As a result of the Voting Rights Act, followed up by intensive political organizing, Mexican-Americans were able to achieve a new degree of political power and representation in Texas and elsewhere in the Southwest. The La Raza Unida Party, headed by José Ángel Gutiérrez of Crystal City, Texas made startling progress in the poorest regions in the Rio Grande Valley with its base of operations at Crystal City, Texas in the early 1970s, spreading for a while to Colorado, Wisconsin, California, Michigan, Oregon, Kansas, Illinois and several other states. The party faded in the mid 1970s and held on only in Crystal City, Texas before collapsing in the early 1980s. Veterans from the party, such as Willie Velasquez, became active in Democratic politics and in organizing projects such as the Southwest Voter Registration Education Project, which boosted the electoral fortunes of Mexican-American candidates throughout the Southwest.
Results came more slowly in California, on the other hand: although Los Angeles had a significant Mexican-American population, gerrymandering eliminated the seat held by Edward R. Roybal, the only Mexican-American member of the Los Angeles City Council, in 1959. La Raza Unida Party campaigns in the early 1970s had the practical effect of defeating Mexican-American Democratic candidates, embittering many activists against the party and the form of nationalism it represented.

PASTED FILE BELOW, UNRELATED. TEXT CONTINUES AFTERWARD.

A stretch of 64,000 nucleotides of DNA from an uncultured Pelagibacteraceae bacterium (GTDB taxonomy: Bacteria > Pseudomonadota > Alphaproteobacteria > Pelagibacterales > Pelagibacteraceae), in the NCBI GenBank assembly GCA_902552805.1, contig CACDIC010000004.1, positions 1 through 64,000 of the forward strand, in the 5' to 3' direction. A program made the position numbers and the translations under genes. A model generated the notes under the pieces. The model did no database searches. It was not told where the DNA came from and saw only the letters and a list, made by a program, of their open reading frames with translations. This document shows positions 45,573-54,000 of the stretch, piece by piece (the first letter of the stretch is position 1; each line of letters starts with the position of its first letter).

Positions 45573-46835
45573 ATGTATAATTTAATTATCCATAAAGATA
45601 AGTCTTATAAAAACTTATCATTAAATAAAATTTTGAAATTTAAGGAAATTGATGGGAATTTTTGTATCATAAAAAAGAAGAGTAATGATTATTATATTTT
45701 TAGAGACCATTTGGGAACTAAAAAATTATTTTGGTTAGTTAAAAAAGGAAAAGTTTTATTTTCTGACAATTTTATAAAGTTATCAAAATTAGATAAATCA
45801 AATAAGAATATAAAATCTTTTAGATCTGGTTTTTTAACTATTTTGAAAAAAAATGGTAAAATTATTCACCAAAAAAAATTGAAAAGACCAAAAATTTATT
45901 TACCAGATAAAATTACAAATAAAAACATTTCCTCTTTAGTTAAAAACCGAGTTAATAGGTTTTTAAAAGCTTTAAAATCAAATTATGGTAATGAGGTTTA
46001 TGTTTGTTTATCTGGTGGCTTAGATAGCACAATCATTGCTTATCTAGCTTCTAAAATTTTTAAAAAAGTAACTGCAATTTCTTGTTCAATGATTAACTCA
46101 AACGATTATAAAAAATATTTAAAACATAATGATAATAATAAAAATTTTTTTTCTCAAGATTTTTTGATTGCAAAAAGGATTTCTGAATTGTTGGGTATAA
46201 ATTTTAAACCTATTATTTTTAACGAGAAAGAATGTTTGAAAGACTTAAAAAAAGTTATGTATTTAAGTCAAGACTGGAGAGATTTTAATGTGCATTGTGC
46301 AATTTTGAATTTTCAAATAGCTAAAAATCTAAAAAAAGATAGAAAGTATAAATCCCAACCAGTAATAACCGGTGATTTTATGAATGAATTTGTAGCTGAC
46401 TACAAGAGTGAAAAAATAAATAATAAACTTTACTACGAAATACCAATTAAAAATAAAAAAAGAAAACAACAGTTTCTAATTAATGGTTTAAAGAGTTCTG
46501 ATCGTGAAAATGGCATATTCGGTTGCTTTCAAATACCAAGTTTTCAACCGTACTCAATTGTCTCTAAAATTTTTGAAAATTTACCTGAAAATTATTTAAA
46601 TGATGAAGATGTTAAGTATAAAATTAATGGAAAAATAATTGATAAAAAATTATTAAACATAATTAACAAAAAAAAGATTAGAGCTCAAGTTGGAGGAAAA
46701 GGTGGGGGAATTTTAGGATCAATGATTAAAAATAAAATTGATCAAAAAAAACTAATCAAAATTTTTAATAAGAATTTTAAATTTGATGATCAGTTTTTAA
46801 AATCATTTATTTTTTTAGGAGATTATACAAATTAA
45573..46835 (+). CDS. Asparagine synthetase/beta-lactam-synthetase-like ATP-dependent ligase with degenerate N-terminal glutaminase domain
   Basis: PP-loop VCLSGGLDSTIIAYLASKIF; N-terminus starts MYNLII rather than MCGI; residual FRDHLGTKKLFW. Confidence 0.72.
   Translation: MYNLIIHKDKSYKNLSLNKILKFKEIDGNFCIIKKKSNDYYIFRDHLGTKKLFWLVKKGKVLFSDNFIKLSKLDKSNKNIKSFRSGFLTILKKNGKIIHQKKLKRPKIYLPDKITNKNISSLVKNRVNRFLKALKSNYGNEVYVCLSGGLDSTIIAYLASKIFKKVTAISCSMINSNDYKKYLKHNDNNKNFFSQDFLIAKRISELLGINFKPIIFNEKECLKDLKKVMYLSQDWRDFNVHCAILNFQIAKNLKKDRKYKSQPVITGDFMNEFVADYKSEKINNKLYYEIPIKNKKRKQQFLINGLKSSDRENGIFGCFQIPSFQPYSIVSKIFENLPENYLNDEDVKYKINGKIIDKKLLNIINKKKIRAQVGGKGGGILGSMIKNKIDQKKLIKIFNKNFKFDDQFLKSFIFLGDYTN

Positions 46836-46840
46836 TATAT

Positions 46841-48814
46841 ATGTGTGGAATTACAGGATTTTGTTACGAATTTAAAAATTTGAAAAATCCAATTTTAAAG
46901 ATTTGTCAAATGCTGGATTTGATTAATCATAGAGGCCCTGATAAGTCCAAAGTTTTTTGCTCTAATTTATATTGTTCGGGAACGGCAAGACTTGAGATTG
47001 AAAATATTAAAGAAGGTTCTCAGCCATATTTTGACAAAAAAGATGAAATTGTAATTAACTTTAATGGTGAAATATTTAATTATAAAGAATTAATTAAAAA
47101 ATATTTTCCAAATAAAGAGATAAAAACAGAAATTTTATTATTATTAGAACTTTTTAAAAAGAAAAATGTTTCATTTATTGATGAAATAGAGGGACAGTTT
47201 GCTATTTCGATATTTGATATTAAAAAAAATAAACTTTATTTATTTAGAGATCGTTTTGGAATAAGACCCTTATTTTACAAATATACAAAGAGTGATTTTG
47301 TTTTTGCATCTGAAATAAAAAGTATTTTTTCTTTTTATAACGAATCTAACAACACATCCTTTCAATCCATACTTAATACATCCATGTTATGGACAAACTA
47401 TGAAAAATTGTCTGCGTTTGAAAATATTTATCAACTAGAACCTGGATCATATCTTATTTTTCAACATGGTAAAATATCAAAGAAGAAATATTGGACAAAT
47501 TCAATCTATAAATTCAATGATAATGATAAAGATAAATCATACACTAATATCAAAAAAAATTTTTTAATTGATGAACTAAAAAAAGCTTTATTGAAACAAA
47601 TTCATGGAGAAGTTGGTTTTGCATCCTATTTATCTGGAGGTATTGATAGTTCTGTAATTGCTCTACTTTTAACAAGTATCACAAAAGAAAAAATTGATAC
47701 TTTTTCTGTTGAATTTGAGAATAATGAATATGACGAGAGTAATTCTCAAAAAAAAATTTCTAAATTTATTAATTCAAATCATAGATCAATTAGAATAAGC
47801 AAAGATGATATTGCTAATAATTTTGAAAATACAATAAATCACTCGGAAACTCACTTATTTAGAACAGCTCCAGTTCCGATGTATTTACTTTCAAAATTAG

It would be more than twenty years before another Mexican-American was elected to the Los Angeles City Council and it would take litigation to permit a Mexican-American to win election to the Los Angeles County Board of Supervisors in the 1980s, the first Mexican-American to join that body in more than a century. In the 1990s, Mexican-American politicians held high offices throughout California. In 2005, Antonio Villaraigosa was elected mayor of Los Angeles, the first Latino in 130 years to hold the seat.
Voters have elected a number of governors of Mexican-American descent in the Southwest, including Jerry Apodaca and Bill Richardson in New Mexico and Raúl Castro in Arizona. Colorado voters recently elected Ken Salazar as the first Mexican-American Senator from that state. Cruz Bustamante was the first lieutenant governor of California in 130 years from his election in 1999 to 2007, but Bustamante lost the gubernatorial election to Austrian-born actor Arnold Schwarzenegger, who went on to be state governor.